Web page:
- Development & Aid
- Economy & Trade
- Human Rights
- Global Governance
- Civil Society
Thursday, May 26, 2016
Servaas van den Bosch
- South Africa’s membership of the bloc of leading emerging economies and its unique position in Africa heralded the country’s role as a gateway into the African continent. However, trade experts question whether it can live up to this position as investors begin to increasingly look towards other African markets. In 2003 South Africa became part of the IBSA grouping (India, Brazil and South Africa), and seven years later it joined the bloc of countries now known as BRICS (Brazil, Russia, India, China and South Africa). Economists have predicted that the dynamic growth of the BRICS countries will bring about a shift in economic power toward the developing world.
And South Africa, as the most developed country in Africa, offers the infrastructure and services to unlock the region’s frontiers, they say.
With the International Monetary Fund forecasting 2012 growth figures averaging around six percent for sub-Saharan Africa – and with countries like Angola raking in GDP growth of almost double that – the continent is touted as the investment destination of the decade.
Africa’s population of just over one billion pales in comparison with Asia’s 3.8 billion, but the African market is largely untapped and most countries find themselves on a firm growth trajectory.
South Africa, therefore, should be the logical first port of call for investors. But regional trade experts gathered at a mid-March forum on South Africa’s Trade Policy, organised by the South African Institute for International Affairs (SAIIA), questioned the gateway concept.
The answer to this question is not an unequivocal yes. “The need to get minerals down from the central African plateau to the ports, using South Africa’s good infrastructure, has boosted it as a transport hub,” said Draper. “But South Africa, geographically speaking, is not optimally located, and some of the traditional advantages are rapidly eroding.”
Places like South Africa’s economic province of Gauteng or its coastal city of Cape Town are no longer necessarily the preferred outposts from which multinationals conquer the continent.
The reason for this is not just because South Africa is relatively far from African markets.
Global player General Electric recently choose Nairobi as its sub-Saharan hub – following companies like Coca Cola, Nestle and Heineken – and it based its decision partly, say trade academics, on South Africa’s unpredictable policy environment.
“It raises the question: to what extent do foreign companies still use South Africa as a conduit into the continent?” said Draper, who said heavily populated centres of West Africa – and not South Africa – will drive future growth on the continent.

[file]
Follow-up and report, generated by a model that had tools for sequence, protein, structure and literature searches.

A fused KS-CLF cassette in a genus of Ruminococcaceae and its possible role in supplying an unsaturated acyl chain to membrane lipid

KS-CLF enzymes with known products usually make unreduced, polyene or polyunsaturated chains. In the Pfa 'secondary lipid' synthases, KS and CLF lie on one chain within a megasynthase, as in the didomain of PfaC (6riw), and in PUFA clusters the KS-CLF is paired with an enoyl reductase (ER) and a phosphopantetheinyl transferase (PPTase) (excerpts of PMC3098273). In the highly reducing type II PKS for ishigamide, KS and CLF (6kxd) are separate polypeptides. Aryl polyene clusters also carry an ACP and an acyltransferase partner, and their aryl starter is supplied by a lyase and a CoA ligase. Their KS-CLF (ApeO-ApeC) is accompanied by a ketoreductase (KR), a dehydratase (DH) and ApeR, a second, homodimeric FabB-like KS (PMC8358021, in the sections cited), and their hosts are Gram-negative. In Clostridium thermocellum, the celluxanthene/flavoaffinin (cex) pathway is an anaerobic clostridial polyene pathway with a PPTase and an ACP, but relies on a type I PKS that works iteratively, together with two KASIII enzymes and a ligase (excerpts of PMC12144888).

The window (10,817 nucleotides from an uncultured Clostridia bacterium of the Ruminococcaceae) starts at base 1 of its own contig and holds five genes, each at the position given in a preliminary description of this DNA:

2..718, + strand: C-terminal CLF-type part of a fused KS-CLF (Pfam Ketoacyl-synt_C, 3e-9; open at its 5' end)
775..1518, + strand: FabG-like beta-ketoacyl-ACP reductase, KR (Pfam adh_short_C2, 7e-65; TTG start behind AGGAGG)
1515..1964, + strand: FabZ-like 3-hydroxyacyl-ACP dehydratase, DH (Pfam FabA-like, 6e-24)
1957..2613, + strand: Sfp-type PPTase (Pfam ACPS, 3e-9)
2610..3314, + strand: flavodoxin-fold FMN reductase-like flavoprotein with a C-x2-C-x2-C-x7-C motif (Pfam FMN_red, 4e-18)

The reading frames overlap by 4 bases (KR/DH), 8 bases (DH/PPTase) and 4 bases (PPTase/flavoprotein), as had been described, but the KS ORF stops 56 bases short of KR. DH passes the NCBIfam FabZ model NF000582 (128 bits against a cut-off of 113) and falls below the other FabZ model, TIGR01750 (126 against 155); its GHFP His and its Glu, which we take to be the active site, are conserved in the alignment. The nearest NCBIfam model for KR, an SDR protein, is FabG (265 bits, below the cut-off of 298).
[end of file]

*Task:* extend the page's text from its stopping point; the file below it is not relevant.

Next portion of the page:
According to Dianna Games, chief executive officer of consulting firm Africa @ Work, South Africa used the gateway concept to position itself globally. “But this idea of South Africa as a single gateway into the continent is not necessarily shared by the rest of Africa.
“As foreign investors are disaggregating African regions and countries, South Africa is losing traction on a whole host of issues. This does not mean that other African countries are necessarily in a better position, but the reality is that these markets are moving up, while South Africa is sliding.”
She added that South Africa, situated at a remote tip of the continent, should deploy progressive strategies to keep attracting investment.
“Investors go directly to other African markets, because they can. The South African government is not as worried about the decline of this competitive edge as it should be,” she said.
Games said the South African port of Durban was one of the most expensive in the world. Though, with the rehabilitation of the East and West Coasts of Africa, some of it by resource companies needing to find more convenient export routes, trade patterns were starting to change in the region. In time, it is likely that Durban will be just one more port handling regional trade, rather than the main one.
“Investors are also worried about current government policies, including a decline in economic and press freedom. South Africa is losing its status as an exception in Africa, and is viewed by some to be on a downward trajectory, with some other economies rapidly improving. Meanwhile, the actions of petty bureaucrats have affected the relations between South Africa and other African countries, which generally are not managed well.”
In this vacuum, China and India have long since bolstered bilateral relations with most African countries. And Portuguese-speaking Africa, especially Angola, is Brazil’s well-established gateway into the continent.
“With 240 Australian listed mining companies, among others, and over 800 oil and gas outfits operating in Africa, the gateway concept is declining. Many of these companies operate from their host countries and go direct to the resources as required, rather than setting up headquarters in Africa…We focus heavily on BRICS and not on African countries. But BRICS might fizzle out,” Games said.
“We inherited the role of a gateway, it wasn’t necessarily a policy objective,” commented one South African trade official. “And we are certainly not a gatekeeper, which is the connotation that goes with the idea of a gateway.”
But according to the official, it is not really relevant whether South Africa is losing its gateway status. “We would welcome investments being routed directly to African countries. That way our collective growth trajectory is increasing. It means our policies are working. It means that the continent is growing and becoming more competitive. We need a growing Africa for South Africa’s own future.”